Mussorgsky: Pictures at an Exhibition (CD review)

Plus Borodin:  Symphony No. 2 and Polovtsian Dances. Simon Rattle, Berlin Philharmonic Orchestra.  EMI 50999 5 00273 2 3.

Needless to say, in order to bring off Modest Mussorgsky's Pictures at an Exhibition successfully, a conductor must exercise a good deal of imagination if he isn't to sound like every other conductor who has ever recorded the work.  You would think that if anybody could pull it off, it might be Simon Rattle.  But try as I might in repeat listening, I could not quite get into the music on this EMI disc of music with the Berlin Philharmonic.

I'm not entirely sure what went wrong here, either with the conductor or with me.  I found Rattle rushed when he should have been descriptive and almost lackadaisical when he should have been vigorous.  The "Marketplace," for instance, seems more hurried than bustling with energy, his "Baba-Yaga" witch more earthbound than scary, and his "Great Gate of Kiev" more solemn than grand.  He follows this with a reading of Borodin's Symphony No. 2 that sounds positively leaden in places, the disc concluding with probably the best of the lot, Borodin's "Polovtsian Dances" from Prince Igor in which Rattle does convey an impressively seductive tone.

But for comparison purposes I used Reiner (RCA) and Muti (EMI) for the Pictures and found both of those performances more colorful; Martinon (Decca) for the Borodin Symphony and found it more vital; and Beecham (EMI) for the "Polovtsian Dances" and appreciated its chorus, which Rattle omits.

The sound, I read on the back of the jewel box, EMI recorded live in July, 2007.  I always have to wonder if the quality of a live recording has anything to do with my appreciation of a performance because, generally speaking, I don't care for live recordings.  In this case, the recording has an oddly drab sound, while at the same time being well balanced, with a fine, well-controlled bass impact.  At least we're spared any audience applause (or any audience noises of any kind for that matter).  The sonics just seem flat, somehow, especially when compared to the recordings I listed above, some of which are almost fifty years older than this one.  They all seemed more alive to my ear.

Another oddity:  The booklet insert that came with the copy of the disc EMI sent me is entirely in German.  No English translation.  Don't know why.  Also, there are no timings listed anywhere, not in the booklet and not on the back cover of the case.  I have no idea what the EMI folks are up to here.  Rattle and the Berlin Philharmonic should be the current jewel in their crown, and it seems to me that unless they sensed something wrong with this issue, they might have done more in promoting it.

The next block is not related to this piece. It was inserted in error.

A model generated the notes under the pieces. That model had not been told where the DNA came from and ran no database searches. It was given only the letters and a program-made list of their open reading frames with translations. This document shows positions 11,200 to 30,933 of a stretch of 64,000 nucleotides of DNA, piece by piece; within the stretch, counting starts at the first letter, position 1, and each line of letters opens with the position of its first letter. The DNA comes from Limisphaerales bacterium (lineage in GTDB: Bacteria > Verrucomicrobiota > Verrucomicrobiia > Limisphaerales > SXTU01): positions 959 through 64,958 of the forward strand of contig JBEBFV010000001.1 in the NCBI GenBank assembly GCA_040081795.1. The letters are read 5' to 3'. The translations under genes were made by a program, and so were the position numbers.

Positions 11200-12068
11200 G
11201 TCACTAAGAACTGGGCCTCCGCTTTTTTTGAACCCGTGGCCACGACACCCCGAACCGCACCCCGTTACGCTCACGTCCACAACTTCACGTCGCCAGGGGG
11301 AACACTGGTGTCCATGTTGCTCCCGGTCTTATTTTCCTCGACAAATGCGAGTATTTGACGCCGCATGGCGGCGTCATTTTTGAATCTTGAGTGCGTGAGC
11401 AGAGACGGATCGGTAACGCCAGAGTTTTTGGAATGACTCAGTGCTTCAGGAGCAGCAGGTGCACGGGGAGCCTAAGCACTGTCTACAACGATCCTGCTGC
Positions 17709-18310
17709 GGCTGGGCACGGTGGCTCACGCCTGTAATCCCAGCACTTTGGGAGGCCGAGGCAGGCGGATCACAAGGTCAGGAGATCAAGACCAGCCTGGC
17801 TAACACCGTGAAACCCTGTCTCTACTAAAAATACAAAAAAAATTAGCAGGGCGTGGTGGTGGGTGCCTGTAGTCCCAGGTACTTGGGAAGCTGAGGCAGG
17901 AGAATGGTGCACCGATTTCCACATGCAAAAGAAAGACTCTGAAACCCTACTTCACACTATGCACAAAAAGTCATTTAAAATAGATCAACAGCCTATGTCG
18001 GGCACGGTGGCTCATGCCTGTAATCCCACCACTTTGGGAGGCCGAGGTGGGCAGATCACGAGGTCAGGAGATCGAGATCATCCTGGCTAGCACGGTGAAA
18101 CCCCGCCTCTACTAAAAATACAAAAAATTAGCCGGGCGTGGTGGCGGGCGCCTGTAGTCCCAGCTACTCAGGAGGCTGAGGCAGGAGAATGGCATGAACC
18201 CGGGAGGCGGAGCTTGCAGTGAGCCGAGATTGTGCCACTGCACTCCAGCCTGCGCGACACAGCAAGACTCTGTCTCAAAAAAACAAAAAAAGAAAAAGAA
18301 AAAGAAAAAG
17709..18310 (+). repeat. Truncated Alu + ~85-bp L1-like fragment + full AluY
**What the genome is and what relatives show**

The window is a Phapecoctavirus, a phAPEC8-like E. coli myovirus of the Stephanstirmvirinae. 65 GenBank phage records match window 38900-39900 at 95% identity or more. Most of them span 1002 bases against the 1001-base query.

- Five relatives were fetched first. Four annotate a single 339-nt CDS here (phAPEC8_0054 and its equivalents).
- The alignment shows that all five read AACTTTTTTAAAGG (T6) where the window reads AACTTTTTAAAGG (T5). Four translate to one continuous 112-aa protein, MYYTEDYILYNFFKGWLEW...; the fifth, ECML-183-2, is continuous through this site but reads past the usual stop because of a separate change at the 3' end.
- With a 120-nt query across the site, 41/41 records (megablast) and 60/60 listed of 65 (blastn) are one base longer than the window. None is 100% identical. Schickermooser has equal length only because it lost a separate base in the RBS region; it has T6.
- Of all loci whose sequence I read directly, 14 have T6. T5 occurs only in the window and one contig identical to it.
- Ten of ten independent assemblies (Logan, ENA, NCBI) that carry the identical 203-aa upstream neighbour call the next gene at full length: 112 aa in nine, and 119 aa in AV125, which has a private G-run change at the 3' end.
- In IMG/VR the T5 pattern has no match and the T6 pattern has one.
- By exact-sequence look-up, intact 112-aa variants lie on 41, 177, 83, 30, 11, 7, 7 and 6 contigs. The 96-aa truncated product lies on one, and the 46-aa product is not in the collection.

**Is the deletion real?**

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John J. Puccio

John J. Puccio

About the Author

Understand, I'm just an everyday guy reacting to something I love. And I've been doing it for a very long time, my appreciation for classical music starting with the musical excerpts on The Big John and Sparkie radio show in the early Fifties and the purchase of my first recording, The 101 Strings Play the Classics, around 1956. In the late Sixties I began teaching high school English and Film Studies as well as becoming interested in hi-fi, my audio ambitions graduating me from a pair of AR-3 speakers to the Fulton J's recommended by The Stereophile's J. Gordon Holt. In the early Seventies, I began writing for a number of audio magazines, including Audio Excellence, Audio Forum, The Boston Audio Society Speaker, The American Record Guide, and from 1976 until 2008, The $ensible Sound, for which I served as Classical Music Editor.

Today, I'm retired from teaching and use a pair of bi-amped VMPS RM40s loudspeakers for my listening. In addition to writing the Classical Candor blog, I served as the Movie Review Editor for the Web site Movie Metropolis (formerly DVDTown) from 1997-2013. Music and movies. Life couldn't be better.

Mission Statement

It is the goal of Classical Candor to promote the enjoyment of classical music. Other forms of music come and go--minuets, waltzes, ragtime, blues, jazz, bebop, country-western, rock-'n'-roll, heavy metal, rap, and the rest--but classical music has been around for hundreds of years and will continue to be around for hundreds more. It's no accident that every major city in the world has one or more symphony orchestras.

When I was young, I heard it said that only intellectuals could appreciate classical music, that it required dedicated concentration to appreciate. Nonsense. I'm no intellectual, and I've always loved classical music. Anyone who's ever seen and enjoyed Disney's Fantasia or a Looney Tunes cartoon playing Rossini's William Tell Overture or Liszt's Hungarian Rhapsody No. 2 can attest to the power and joy of classical music, and that's just about everybody.

So, if Classical Candor can expand one's awareness of classical music and bring more joy to one's life, more power to it. It's done its job.

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"Their Master's Voice" by Michael Sowa

"Their Master's Voice" by Michael Sowa